This mourning dress was for the death of Queen Charlotte, who had died on November 17. Though we often think of mourning as a time of seclusion, the number of evening dresses in the full black of mourning shown in the magazines of the time suggest that mourning for a public figure, at least, did not require one to curtail one’s activities, but merely to show respect by wearing appropriate mourning.
The print is described in the magazine as follows:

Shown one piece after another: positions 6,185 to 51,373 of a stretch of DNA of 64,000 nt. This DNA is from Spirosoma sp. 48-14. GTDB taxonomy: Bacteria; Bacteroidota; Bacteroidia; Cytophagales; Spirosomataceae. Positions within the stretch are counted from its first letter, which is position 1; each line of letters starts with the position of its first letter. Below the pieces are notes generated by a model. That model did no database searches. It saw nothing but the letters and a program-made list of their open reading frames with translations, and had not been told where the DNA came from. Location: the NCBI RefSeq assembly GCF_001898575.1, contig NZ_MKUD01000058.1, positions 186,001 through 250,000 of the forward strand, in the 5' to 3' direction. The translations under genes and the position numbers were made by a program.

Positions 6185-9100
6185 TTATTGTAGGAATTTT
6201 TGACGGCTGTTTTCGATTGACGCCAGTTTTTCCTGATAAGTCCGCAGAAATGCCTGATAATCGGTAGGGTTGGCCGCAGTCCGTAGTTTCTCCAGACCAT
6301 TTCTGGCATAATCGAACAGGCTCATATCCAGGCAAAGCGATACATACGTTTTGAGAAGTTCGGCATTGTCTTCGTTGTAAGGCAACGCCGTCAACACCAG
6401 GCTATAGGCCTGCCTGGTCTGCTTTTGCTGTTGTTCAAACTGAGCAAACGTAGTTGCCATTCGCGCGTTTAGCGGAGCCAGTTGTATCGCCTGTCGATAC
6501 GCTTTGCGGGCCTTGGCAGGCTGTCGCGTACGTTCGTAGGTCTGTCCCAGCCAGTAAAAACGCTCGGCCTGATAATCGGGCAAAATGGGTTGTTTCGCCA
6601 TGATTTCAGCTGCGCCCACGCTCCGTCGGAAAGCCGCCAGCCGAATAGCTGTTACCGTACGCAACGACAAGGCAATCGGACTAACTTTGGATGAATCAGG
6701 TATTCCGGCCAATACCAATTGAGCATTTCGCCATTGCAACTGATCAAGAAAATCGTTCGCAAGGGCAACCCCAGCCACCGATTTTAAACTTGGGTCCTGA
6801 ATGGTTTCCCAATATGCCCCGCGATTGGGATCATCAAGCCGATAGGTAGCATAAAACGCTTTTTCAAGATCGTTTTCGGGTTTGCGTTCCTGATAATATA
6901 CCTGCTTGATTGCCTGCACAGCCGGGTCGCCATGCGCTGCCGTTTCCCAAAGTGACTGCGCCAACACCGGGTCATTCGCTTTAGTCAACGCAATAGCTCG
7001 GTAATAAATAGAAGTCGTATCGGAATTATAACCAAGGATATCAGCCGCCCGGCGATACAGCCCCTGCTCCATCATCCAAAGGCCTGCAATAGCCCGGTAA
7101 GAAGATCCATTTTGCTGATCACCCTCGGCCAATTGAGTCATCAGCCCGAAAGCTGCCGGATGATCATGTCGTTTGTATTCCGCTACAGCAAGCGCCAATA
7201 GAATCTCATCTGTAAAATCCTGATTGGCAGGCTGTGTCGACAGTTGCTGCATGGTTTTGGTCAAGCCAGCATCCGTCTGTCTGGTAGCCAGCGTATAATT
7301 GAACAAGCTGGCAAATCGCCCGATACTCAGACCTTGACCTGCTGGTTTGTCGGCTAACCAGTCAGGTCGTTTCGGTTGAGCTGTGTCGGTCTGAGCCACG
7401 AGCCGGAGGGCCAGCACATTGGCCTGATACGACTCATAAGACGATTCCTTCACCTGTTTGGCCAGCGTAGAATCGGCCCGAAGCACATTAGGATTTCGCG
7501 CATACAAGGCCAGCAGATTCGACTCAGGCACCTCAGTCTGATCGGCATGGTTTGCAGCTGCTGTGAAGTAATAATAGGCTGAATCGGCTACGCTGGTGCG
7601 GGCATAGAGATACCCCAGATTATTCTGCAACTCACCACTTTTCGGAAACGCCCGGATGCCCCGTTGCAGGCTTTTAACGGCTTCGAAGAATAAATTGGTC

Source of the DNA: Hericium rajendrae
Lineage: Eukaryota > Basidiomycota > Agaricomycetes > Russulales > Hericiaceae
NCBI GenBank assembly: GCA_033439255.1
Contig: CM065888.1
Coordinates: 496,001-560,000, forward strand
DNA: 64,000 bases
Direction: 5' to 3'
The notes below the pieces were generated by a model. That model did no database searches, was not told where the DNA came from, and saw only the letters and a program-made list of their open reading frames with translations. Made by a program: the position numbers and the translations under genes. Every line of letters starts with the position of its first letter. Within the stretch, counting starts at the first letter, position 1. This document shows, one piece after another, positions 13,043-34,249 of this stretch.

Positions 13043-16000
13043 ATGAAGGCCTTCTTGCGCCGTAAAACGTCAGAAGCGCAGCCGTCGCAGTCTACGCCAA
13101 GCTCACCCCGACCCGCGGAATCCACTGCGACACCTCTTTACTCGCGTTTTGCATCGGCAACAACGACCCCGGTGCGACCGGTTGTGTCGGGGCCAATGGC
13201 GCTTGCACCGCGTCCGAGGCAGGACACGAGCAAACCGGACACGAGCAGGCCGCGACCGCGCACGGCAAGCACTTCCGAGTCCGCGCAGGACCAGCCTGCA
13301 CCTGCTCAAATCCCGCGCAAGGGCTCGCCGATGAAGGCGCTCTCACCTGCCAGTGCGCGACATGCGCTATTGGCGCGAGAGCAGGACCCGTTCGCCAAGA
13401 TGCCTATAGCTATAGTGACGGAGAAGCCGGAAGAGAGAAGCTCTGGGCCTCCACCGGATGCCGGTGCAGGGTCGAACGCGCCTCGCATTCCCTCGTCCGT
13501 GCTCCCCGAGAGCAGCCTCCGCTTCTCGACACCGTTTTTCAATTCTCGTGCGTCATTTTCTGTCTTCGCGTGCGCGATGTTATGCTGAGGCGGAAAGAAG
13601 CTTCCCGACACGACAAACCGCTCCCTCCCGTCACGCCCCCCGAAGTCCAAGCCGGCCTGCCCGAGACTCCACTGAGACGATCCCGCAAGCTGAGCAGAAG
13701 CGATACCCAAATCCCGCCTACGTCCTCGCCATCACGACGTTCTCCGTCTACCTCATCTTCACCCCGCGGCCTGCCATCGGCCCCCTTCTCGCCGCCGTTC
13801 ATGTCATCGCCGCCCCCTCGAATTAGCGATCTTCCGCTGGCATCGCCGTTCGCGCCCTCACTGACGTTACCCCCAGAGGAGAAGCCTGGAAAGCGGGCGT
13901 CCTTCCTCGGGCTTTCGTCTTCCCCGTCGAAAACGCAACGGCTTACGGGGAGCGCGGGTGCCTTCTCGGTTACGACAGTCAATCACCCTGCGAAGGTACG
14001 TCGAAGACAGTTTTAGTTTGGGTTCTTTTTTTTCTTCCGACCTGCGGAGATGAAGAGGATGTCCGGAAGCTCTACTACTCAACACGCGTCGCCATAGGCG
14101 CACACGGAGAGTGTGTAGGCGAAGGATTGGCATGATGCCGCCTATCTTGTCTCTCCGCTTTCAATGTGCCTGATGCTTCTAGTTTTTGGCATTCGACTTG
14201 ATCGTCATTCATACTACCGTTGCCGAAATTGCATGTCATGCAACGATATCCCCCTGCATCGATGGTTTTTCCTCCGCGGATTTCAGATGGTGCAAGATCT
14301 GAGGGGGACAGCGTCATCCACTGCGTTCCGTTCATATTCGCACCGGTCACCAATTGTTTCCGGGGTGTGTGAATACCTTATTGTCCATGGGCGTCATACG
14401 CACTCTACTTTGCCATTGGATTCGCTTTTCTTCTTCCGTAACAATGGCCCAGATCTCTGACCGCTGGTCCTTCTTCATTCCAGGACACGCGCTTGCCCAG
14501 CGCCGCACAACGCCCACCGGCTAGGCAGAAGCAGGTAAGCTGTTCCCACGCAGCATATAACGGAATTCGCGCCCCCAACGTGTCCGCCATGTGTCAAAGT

“A black crape dress over a black sarsnet slip: the body is cut very low and square round the bust, and is tight to the shape; it is trimmed round the bosom and the back with a rouleau of crape intermixed with jet beads; this trimming does not go round the shoulders. The bottom of the waist is finished by rounded tabs. Long sleeve, made very loose, and finished at the hand by a rouleau to correspond with the bosom; the fullness of the sleeve is disposed on the shoulder in puffs, which are interspersed with jet beads, some of which also confine it across the arm: this forms a new and elegant style of half-sleeve. The bottom of the skirt is cut in broad scallops, the edges of which are ornamented with narrow black fancy trimming, and an embroidery of crape roses, with branches of crape leaves disposed between each; a second row of trimming is laid n at a little distance from the first. The front hair is much parted n the forehead, and disposed in light, loose ringlets, which fall over each ear. The hind hair is braided and brought round the crown of the head. Head-dress, a long veil placed at the back of the head, and an elegant jet ornament. consisting of a rose and aigrette, which is also placed far back. Shamois leather gloves and shoes. Ear-rings, necklace, and cross, jet.”